Journeys I, II, & III: ‘I’m a one-man guy in the morning, same in the afternoon’ – rufus wainwright

Journeys…throughout the course of our lives, we seek so much adventure, and we trek out way through life with small journeys that mimic our own personal and lifelong adventure.  For me, this is that mimic – a terse trip abroad and an experience seeking to understand myself and grow – spiritually, mentally, physically.  I’m not sure what it is about seeing grass greener than ever or hills that roll so steeper than those of the Cumberland Plateau.  I’m not sure what new pleasure comes from seeing mist roll off the North Sea and across the Rivers Dee and Don early in the morning.  I have only read little of these things.

In my life, I have seen mountains of old and sandy, white beaches.  I have so oft been in the presence of an inescapable beauty – a beauty that (at a glance) – one would know Truth and proclaim God’s love and beauty along with it.  These things I have seen already, so I can only imagine what new beauty awaits.  I guess I now find myself slightly cynical to what lies ahead.  After all, I’ve seen God’s countryside before.  How much better can it be?  What new perspective can it really offer if I’ve already believed, already proclaimed?

How can a countryside I’ve never seen change me?  I know what beauty is, right?  How can anything surmount it?  How will this journey make a newfound believer out of me?  Or will it?  Can I really learn something from seeing sights I could read about, especially when I have seen such beauty before right in my own backyard?

But I guess that is my adventure – not seeing the sights, but discovering something new in life to appreciate, something new about myself to be gained, as well.

So it be…that I write my first bit of my journey seven days before departure.  Because journeys don’t begin on planes or trains or automobiles.  Journeys begin in our heads, much akin to the way dreams begin, and in our heads is where they remain.  We are but an imagination from seeing all we ever needed and wanted to see; to be.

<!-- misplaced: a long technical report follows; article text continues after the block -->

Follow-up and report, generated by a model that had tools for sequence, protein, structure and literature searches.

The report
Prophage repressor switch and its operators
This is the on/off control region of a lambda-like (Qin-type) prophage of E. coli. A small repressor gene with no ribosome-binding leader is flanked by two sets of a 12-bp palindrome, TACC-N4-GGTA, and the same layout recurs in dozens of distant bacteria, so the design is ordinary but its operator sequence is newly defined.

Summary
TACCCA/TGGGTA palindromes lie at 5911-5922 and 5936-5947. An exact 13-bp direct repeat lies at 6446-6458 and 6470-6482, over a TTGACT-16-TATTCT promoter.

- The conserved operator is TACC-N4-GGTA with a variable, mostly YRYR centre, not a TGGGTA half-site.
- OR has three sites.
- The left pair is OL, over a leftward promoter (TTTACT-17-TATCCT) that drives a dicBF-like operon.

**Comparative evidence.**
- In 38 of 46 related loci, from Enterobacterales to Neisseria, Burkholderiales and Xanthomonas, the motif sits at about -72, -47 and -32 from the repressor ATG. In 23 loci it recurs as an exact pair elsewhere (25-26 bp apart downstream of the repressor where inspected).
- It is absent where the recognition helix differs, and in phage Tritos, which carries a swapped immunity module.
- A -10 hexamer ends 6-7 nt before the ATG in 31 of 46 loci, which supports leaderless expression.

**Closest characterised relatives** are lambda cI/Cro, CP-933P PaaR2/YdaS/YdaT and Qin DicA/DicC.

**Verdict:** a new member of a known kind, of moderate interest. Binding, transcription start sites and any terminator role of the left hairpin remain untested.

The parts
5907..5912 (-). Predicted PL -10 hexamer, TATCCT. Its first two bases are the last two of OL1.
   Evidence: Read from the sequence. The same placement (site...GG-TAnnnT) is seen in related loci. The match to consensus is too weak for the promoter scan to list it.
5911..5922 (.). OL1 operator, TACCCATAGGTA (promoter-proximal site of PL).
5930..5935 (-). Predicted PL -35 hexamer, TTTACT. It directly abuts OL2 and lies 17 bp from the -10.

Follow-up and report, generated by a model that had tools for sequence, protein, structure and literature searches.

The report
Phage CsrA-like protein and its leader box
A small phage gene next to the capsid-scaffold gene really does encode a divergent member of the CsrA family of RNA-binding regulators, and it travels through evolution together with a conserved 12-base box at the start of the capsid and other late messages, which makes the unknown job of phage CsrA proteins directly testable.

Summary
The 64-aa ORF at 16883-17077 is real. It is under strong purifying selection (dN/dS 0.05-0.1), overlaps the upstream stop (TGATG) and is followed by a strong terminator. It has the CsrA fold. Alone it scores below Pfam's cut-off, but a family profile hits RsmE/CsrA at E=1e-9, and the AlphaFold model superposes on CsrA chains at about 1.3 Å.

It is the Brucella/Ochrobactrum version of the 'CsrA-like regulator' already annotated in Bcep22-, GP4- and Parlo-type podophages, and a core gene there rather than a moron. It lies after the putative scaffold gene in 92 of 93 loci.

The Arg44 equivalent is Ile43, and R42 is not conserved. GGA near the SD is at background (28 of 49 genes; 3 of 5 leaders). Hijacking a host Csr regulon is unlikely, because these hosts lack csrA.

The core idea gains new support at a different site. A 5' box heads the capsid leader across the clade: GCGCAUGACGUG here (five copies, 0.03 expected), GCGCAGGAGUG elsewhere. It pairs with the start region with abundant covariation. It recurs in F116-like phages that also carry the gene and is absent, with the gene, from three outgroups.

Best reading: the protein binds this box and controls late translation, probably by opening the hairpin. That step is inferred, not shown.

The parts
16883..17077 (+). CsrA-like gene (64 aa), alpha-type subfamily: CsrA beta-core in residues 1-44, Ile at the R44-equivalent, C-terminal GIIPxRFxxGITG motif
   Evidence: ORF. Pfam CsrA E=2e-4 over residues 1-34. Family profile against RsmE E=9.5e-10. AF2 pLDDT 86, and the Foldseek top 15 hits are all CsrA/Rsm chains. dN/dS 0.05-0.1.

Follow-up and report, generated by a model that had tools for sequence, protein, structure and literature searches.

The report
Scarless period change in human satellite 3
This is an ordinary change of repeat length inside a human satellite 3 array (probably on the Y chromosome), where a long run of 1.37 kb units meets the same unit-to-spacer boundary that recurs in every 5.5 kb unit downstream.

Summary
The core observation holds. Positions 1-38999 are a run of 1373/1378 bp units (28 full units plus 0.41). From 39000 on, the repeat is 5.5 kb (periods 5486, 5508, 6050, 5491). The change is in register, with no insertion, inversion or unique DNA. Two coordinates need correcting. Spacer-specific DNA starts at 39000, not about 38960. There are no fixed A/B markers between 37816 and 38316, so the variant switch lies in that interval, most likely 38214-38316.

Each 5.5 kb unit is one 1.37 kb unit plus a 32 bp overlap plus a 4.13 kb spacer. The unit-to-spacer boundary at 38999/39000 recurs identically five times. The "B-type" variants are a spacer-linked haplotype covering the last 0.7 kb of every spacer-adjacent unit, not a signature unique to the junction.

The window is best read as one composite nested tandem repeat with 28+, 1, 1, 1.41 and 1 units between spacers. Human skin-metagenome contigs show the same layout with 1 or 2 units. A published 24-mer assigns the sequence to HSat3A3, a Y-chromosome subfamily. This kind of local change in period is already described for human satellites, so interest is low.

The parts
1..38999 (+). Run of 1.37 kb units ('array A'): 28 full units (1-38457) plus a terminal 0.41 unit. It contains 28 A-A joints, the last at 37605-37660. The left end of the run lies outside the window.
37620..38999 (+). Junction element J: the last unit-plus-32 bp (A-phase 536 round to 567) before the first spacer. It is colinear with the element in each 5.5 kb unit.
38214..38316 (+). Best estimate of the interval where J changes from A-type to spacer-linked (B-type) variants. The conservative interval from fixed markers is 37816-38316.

Thus begins my Scottish endeavor, my search, my spiritual retreat, my journey…home.

You pick up and leave.  You pick up your life and you think you can change the world, or at least your half.  So, you pick up and you go as far as you can, accomplish as much as you can accomplish.  See as much as you can see, and what you end up seeing just may be exactly the opposite of what you expected.

But all for what? From London to Rome, Aberdeen to Orkney, Jackson to Indiana, I have not found what it is I’ve searched so desparately for.  I have not found what has been by my side all along, and even now…even now that I know that it’s within my grasp, I still haven’t been able to reach out and grab what it is I want; what it is I need.

Four thousand miles away doesn’t change the color of the sky: it’s still blue.  Even if there are clouds hiding it.  Four thousand miles away doesn’t change who I am: I’m still Philip.  Even if that’s not who I want to be; or if it’s exactly who I want to be.  Both can be blessings or burdens.  Four thousand miles away doesn’t flood me with friends or God or love; nor am I drought of them.  Distance is not change, and it should never be mistaken as such.

In the words of those who knew better than I, ‘there are places I remember, all my life – though some have changed.  Some, forever, not for better.  Some have gone and some remain.  All these places had their moments with lovers and friends, I still can recall.  Some are dead and some living.  In my life, I’ve loved them all.’

I don’t really quite know what ‘home’ is.  Another guy smarter than me suggests it’s where the heart is, or possibly that place where they have to take you in.